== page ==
The Louvre isn’t just the largest museum in the world. The building proves to be as interesting and sumptuous as the 35,000 artworks it accommodates. We invite you to discover the history of the Louvre, an ancient palace moulded by our sovereigns throughout centuries, in an original manner. The great kings of France will each present to you a hall or place that they designed or modified.
You can read this article at your home, or you can print it and visit the museum in person along with our scavenger hunt at the Louvre museum. For each paragraph, go to the place indicated in the title!
1202 – The fortress – Sully Wing, the moats of the medieval louvre, level -1
I wish you a good day! I, Philip Augustus, king of France from 1180 to 1223, I am behind the construction of the Louvre. As you know, I surrounded Paris with a fortifying wall. In the ”Outre-grand pont” district (which I believe is now called “Rive droite”), I edified a powerful fortress along the extension of my wall and on the river banks. And so the Louvre was born. From the moats, you can admire the foundations of its towers and curtain walls.
But why close off Paris like that? For heaven’s sake! Before my conquest of Normandy in 1204, that duchy was in the hands of the English crown! This important fief dangerously bordered the west of my kingdom, so much that I went on a crusade. The vessels of the dangerous English could sail up the Seine and attack my dear city of Paris. This stronghold located downstream of the city protected it from eventual invasions.
1371 – The royal residence – Sully Wing, the Louvre’s medieval dungeon, level -1
Listen! I am Charles V the Wise, king of France from 1364 to 1380. In the last century, the city of Paris extended well beyond the fortifications of Philip Augustus, at least for the Rive droite. I built a new wall to the north of the Seine in order to defend these new districts. The Louvre, now integrating the urban fabric, did no longer fulfill its defensive role.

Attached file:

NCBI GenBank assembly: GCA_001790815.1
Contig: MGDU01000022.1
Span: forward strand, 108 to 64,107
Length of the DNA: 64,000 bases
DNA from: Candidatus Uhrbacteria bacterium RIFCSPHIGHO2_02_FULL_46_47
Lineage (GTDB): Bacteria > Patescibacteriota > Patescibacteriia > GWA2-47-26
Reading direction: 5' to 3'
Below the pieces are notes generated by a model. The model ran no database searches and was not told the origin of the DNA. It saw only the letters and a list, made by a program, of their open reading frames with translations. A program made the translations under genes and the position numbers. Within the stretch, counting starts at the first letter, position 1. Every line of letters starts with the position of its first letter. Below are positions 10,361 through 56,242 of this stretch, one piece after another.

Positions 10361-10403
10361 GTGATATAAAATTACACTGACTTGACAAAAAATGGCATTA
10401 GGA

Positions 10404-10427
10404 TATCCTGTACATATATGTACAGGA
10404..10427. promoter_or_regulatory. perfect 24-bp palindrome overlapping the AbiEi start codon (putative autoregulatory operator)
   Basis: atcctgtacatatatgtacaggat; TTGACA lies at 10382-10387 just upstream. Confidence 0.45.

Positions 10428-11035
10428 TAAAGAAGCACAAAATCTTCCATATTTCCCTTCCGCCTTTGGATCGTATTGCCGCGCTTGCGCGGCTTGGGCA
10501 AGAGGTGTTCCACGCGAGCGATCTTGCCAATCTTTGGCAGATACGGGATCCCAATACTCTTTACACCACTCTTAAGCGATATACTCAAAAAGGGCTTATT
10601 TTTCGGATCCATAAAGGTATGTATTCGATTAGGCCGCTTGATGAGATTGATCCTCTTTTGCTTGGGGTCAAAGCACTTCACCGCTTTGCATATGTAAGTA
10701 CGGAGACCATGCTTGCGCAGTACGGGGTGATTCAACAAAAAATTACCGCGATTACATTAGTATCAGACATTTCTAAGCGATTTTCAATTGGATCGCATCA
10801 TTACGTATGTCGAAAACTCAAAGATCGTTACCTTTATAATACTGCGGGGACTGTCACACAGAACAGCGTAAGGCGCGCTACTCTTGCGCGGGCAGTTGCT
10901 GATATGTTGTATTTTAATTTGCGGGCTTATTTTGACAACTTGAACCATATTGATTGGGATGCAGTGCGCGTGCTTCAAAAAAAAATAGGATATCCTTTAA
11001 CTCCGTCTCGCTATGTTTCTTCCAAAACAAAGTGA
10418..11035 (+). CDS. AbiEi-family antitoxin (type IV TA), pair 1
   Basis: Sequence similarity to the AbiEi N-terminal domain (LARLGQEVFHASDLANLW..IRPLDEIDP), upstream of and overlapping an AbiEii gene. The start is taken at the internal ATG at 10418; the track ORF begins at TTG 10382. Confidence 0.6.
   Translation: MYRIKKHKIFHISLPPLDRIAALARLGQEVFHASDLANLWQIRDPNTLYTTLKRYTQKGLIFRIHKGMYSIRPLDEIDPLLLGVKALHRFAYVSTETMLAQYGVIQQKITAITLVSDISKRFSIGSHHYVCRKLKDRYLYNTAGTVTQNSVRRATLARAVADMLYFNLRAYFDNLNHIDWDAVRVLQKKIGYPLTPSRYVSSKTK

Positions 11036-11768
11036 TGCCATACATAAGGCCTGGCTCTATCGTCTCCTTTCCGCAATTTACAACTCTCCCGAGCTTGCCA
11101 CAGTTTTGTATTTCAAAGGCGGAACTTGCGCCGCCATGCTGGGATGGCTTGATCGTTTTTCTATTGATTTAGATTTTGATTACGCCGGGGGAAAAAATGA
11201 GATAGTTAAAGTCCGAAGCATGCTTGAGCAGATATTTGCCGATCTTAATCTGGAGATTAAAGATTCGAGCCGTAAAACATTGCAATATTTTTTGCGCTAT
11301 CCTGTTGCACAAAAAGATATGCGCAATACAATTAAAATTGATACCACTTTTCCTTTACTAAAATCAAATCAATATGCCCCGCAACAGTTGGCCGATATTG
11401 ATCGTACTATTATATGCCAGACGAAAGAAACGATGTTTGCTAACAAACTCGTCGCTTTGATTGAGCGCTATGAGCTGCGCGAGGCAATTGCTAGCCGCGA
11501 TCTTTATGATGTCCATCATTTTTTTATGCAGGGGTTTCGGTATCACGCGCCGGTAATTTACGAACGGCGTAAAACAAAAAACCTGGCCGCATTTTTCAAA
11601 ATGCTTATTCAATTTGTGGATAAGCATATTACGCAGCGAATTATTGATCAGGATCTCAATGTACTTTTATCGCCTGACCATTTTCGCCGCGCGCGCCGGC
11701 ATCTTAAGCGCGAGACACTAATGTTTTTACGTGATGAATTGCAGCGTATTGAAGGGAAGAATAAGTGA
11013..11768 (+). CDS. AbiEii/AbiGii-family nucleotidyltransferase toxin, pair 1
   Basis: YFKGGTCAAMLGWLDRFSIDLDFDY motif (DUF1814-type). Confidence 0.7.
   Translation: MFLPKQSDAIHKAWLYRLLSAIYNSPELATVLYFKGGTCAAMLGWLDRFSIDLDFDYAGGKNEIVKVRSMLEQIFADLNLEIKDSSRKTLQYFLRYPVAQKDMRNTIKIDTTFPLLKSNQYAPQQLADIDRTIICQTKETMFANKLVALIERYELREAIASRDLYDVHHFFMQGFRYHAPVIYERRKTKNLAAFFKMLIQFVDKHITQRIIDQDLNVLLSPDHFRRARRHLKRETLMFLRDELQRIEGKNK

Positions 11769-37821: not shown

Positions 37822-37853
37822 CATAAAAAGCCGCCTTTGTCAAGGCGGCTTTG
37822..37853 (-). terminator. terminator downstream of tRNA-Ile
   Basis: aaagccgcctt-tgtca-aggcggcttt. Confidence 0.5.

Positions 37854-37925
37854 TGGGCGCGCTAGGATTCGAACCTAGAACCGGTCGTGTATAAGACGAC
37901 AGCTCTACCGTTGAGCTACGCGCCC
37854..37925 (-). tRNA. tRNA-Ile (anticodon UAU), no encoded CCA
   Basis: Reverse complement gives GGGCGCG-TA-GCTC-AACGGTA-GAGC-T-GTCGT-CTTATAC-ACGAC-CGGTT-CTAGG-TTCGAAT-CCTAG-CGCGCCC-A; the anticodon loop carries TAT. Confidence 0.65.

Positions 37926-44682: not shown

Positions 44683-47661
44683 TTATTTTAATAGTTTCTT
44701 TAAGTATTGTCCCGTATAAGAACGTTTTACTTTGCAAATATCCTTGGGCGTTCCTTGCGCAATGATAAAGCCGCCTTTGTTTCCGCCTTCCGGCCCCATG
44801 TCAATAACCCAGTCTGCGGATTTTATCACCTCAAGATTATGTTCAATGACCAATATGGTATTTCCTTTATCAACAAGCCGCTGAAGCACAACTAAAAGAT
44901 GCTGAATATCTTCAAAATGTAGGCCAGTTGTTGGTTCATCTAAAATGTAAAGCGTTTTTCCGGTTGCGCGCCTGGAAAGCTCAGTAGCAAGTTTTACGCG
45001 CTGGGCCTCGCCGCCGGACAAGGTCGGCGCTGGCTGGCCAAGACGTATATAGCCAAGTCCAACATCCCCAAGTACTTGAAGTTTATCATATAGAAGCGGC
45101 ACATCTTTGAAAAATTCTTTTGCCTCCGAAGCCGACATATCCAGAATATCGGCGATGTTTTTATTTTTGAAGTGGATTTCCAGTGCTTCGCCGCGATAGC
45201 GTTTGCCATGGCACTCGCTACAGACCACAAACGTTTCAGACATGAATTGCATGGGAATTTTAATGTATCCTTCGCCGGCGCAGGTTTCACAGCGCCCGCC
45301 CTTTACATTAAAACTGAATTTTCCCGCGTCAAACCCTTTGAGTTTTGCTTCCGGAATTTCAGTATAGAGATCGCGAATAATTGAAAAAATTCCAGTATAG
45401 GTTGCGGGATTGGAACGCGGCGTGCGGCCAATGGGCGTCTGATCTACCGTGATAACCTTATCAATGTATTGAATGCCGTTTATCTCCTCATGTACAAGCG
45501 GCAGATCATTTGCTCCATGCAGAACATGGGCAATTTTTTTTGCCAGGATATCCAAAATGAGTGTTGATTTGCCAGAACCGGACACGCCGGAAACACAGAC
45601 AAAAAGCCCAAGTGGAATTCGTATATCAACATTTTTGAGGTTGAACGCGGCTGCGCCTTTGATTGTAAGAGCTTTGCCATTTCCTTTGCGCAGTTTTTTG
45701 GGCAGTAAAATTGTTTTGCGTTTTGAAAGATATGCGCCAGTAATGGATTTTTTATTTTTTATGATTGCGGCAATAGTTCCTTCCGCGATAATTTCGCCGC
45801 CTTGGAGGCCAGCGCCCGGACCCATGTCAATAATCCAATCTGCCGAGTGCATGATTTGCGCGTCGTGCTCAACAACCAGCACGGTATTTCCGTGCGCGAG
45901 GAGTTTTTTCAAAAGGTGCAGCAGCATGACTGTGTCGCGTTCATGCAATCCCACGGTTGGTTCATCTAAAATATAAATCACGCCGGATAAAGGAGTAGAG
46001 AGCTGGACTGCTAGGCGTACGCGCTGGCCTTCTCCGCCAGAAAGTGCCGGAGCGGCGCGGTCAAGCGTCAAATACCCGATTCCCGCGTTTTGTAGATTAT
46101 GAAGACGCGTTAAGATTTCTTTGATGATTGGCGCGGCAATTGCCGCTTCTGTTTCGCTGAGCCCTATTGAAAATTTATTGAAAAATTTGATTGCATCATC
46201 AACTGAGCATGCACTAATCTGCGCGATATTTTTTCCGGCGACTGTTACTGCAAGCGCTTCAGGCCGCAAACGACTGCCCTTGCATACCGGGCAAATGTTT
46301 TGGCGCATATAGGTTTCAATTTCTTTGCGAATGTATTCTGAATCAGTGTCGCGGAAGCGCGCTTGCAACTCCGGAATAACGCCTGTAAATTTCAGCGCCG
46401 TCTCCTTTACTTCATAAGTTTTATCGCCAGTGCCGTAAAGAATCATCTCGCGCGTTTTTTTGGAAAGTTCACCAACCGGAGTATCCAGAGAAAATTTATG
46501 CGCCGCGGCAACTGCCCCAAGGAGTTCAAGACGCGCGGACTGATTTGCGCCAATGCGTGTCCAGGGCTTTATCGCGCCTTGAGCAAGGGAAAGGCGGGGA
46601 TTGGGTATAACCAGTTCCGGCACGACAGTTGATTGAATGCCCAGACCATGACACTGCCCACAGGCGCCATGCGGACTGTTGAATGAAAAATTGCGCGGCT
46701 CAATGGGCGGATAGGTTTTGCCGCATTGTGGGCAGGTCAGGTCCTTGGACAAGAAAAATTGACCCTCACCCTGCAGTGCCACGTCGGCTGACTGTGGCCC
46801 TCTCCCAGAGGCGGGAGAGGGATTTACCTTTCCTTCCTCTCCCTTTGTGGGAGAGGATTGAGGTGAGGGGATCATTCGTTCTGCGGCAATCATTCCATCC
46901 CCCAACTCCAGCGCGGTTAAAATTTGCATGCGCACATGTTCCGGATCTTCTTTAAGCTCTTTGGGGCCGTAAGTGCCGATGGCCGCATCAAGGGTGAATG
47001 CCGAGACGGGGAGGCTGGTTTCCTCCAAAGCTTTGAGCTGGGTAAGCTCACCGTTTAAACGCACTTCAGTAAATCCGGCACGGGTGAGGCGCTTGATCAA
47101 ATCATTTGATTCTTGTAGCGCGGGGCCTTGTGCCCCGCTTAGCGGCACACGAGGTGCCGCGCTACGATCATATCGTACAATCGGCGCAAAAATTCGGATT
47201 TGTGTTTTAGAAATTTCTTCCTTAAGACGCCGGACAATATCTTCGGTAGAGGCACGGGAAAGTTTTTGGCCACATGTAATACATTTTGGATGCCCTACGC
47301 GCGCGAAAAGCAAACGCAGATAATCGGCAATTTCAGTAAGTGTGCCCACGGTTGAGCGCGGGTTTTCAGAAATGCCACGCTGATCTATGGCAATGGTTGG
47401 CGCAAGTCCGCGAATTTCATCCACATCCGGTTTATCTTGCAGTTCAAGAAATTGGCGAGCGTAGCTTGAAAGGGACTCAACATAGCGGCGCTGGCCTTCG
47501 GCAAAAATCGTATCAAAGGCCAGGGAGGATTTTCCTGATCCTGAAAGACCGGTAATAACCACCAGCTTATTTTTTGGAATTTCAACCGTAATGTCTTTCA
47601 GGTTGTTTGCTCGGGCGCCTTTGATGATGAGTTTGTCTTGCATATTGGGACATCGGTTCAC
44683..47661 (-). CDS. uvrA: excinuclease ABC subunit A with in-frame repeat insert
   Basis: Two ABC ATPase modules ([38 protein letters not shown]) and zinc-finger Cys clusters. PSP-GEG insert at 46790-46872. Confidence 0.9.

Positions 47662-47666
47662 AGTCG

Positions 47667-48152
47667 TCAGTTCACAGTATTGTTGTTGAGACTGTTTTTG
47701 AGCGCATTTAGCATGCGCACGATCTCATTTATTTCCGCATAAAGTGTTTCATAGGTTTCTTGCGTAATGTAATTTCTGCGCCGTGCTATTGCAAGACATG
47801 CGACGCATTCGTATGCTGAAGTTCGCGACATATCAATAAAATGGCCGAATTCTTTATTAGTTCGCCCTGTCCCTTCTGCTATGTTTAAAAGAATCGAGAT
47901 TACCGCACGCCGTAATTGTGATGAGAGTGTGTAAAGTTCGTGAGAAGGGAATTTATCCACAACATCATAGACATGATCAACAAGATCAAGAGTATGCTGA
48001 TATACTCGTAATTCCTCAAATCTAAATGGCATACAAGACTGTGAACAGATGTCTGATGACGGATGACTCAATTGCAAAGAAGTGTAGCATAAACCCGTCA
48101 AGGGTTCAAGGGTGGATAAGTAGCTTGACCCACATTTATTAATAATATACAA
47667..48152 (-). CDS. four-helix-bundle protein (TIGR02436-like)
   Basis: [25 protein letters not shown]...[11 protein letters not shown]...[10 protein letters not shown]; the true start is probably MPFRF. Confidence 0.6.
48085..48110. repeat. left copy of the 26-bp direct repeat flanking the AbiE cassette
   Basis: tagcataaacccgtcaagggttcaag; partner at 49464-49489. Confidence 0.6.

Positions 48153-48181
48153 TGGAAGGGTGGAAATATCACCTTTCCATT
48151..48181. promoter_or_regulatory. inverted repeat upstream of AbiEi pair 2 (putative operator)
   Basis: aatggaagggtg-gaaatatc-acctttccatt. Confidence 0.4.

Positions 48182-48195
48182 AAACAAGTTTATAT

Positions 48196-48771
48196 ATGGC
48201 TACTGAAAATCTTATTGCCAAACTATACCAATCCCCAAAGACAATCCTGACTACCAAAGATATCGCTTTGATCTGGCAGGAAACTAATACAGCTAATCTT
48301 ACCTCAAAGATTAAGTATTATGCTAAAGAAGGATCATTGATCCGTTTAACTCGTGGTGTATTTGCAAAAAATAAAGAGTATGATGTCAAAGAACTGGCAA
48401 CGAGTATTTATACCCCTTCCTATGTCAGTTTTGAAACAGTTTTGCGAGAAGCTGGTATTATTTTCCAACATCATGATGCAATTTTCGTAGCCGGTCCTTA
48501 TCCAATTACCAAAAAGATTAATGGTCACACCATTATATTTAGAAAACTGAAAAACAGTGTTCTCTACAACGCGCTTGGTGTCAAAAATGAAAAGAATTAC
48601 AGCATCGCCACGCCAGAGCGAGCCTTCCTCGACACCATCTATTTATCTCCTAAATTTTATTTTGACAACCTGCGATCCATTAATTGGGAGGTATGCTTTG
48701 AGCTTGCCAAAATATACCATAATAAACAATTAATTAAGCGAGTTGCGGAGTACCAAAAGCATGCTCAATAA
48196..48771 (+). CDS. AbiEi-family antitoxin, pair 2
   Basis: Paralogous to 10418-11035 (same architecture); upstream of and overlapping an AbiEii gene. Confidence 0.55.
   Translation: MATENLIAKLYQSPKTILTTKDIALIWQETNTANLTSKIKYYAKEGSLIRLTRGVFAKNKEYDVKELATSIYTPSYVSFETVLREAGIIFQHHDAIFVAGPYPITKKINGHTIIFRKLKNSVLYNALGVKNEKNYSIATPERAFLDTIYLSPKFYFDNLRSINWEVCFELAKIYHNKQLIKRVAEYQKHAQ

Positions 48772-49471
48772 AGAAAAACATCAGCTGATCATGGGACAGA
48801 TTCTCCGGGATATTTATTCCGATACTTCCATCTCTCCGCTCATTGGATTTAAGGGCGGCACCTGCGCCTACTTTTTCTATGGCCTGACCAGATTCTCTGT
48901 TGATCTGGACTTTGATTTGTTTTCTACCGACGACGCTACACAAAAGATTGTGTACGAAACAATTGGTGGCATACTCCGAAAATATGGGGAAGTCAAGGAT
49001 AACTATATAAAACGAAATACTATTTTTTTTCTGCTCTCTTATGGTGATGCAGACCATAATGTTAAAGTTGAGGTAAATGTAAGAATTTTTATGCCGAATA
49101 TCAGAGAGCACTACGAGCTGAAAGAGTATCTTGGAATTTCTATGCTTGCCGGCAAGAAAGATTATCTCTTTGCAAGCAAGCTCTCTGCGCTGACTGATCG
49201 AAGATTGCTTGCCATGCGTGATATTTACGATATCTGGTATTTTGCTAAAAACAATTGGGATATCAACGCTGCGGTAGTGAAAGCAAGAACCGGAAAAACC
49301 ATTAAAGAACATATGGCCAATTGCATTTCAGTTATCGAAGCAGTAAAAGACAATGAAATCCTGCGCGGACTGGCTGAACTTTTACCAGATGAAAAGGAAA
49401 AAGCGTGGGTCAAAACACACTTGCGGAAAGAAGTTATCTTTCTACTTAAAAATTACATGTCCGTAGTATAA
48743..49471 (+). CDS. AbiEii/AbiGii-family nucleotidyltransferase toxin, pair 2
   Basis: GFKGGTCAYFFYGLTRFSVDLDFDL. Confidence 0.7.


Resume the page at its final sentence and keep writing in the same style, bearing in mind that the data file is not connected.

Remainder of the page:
I decided to convert this fortress into a royal residence (one amongst many!). From 1360 to 1371, my architect Raymond du Temple transformed the ancient fortress into a dwelling that was as pleasurable as it was sumptuous. Large windows replaced the narrow arrow slits. Chimneys, spiralled staircases and refined decorations flourished. One of the towers hosted the first royal library. Between the dungeon and the staircase you’ll find an interactive screen presenting the Louvre’s metamorphoses through time. You’ll discover my son’s helm, the future Charles VI, near a miniature model, and after that a hall that my predecessor Saint-Louis conceived.
1549 – The Louvre in the Renaissance – Sully Wing, the Caryatids hall, ground floor
I, Henry II, salute you! Have you never heard of me? Good Lord! I am however the son of the famous Francis I! In the year of our Lord 1528, my royal father travelled to Paris. He found the Louvre in a sad state of deterioration following the tragic Hundred Years’ War. Some time before his death, Francis I charged the renowned architect Pierre Lescot with rebuilding the Louvre with an antique style imported from Italy, which was very popular in the 16th century.
After my father’s death, the works to renovate and modernise the palace continued during my reign. I’m so proud to present to you this magnificent ballroom achieved in 1549! Know that its name comes from the Caryatids, these statues and columns supporting the musicians’ balcony which are copies of ancient models on the Acropolis in Athens!
My dear architect Pierre Lescot and the no-less talented sculptor Jean Goujon endowed the Louvre with so many other wonders! Exit the hall by the door under the Caryatids. If you go to the right and climb the stairs, you’ll discover the marvelous vault of the steps leading to my private apartments. Return to the Caryatids hall since I wish to ask you a riddle. Carefully observe the sculpted decorations in this space. Can you find the H of my name Henry II?